First-in-class Peptide Molecules Targeting the MIEN1 Cancer signaling Pathway for which no inhibitors are currently identified




0000-0002-3784-8799 (Tripathi, Amit)

Journal Title

Journal ISSN

Volume Title



Migration and invasion enhancer 1 (MIEN1) overexpression characterizes several cancers and facilitates cancer cell migration and invasion. Leveraging conserved ITAM and prenylation motifs within MIEN1, we identified potent anti-cancer peptides. Among them, bioactive peptides LA3IK and RP-7 induced pronounced transcriptomic and protein expression changes at sub-IC50 concentrations. The peptides effectively inhibited genes and proteins driving cancer cell migration, invasion, and EMT pathways, concurrently suppressing EGF-induced NF-kB nuclear translocation in metastatic breast cancer cells. Specifically, peptides targeted the same signal transduction pathway initiated by MIEN1. Molecular docking and circular dichroism spectroscopy indicated the formation of MIEN1-peptide complexes. The third-positioned isoleucine in LA3IK and CVIL motif in RP-7 were crucial for inhibiting breast cancer cell migration. This is evident from the limited migration inhibition observed when MDA-MB-231 cells were treated with scrambled peptides LA3IK SCR and RP-7 SCR. Additionally, LA3IK and RP-7 effectively suppressed tumor growth in an orthotopic breast cancer model. Notably, mice tolerated high peptide doses of up to 90 mg/Kg well, surpassing significantly lower doses of 5 mg/Kg intravenously (iv) and 30 mg/Kg intraperitoneally (ip) used in both in vivo pharmacokinetic studies and orthotopic mouse model assays. D-isomers of LA3IK and RP-7 showed enhanced anti-cancer activity compared to their L-isomers. D-LA3IK remained stable in mouse plasma for 24 h with 75% remaining, exhibiting superior pharmacokinetic properties over D/L-RP-7. In summary, our findings mark the first report of short peptides based on MIEN1 protein sequence capable of inhibiting cancer signaling pathways, effectively impeding cancer progression both in vitro and in vivo.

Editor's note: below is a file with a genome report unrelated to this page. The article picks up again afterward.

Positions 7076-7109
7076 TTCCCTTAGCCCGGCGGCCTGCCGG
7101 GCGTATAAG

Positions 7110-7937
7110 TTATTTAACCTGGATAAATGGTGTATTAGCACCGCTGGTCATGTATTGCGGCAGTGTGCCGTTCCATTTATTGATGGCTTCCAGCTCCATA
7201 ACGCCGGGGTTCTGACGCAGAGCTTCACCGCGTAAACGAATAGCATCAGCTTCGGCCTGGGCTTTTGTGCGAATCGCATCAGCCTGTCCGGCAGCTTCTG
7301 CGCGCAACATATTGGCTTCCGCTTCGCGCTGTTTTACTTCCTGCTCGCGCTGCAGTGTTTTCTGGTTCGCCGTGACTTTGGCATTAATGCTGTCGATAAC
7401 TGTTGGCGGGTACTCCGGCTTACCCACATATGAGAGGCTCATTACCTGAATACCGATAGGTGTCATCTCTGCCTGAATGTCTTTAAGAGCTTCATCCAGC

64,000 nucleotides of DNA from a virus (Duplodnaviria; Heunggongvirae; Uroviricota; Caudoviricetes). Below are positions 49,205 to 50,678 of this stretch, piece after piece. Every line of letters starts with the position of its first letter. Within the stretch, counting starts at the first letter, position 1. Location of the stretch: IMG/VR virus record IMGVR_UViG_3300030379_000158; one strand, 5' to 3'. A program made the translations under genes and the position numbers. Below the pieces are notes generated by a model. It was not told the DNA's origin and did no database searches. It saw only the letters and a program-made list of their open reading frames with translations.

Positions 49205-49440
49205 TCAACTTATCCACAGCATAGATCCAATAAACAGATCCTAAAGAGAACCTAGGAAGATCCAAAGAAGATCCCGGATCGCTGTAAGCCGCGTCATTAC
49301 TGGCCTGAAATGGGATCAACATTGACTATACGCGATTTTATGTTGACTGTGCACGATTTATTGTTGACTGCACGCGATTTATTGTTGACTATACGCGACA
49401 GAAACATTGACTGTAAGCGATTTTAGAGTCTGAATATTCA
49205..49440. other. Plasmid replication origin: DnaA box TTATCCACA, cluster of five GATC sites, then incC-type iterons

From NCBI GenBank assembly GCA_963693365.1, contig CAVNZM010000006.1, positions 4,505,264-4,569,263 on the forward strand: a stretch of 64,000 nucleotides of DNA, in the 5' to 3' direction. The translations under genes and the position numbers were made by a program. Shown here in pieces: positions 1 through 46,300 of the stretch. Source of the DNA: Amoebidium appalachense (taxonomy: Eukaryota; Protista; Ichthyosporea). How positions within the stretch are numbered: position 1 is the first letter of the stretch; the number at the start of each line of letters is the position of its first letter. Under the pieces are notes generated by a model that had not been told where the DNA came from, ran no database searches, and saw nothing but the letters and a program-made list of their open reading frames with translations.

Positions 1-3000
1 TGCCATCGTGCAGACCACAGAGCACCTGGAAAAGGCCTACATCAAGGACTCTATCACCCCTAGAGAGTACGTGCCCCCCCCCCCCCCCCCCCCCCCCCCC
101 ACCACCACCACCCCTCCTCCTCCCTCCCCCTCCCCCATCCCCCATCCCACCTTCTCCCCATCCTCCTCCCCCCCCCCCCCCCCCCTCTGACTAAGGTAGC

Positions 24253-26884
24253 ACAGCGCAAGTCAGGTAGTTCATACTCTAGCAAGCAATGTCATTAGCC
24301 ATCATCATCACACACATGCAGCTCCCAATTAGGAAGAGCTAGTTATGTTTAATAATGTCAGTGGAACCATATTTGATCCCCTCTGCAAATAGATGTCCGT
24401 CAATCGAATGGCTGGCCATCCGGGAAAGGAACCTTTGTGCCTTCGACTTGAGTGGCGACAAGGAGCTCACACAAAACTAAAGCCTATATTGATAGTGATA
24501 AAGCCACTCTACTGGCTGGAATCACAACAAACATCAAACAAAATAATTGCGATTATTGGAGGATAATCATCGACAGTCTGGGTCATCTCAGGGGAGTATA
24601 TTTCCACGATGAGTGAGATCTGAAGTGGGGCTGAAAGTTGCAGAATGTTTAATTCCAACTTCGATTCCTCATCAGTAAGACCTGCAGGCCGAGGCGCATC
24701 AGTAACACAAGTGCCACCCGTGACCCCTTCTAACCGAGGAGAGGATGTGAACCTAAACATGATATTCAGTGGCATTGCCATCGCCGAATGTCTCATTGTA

Research Appreciation Day Award Winner - School of Biomedical Sciences, 2024 Postdoctoral Oral Presentation Award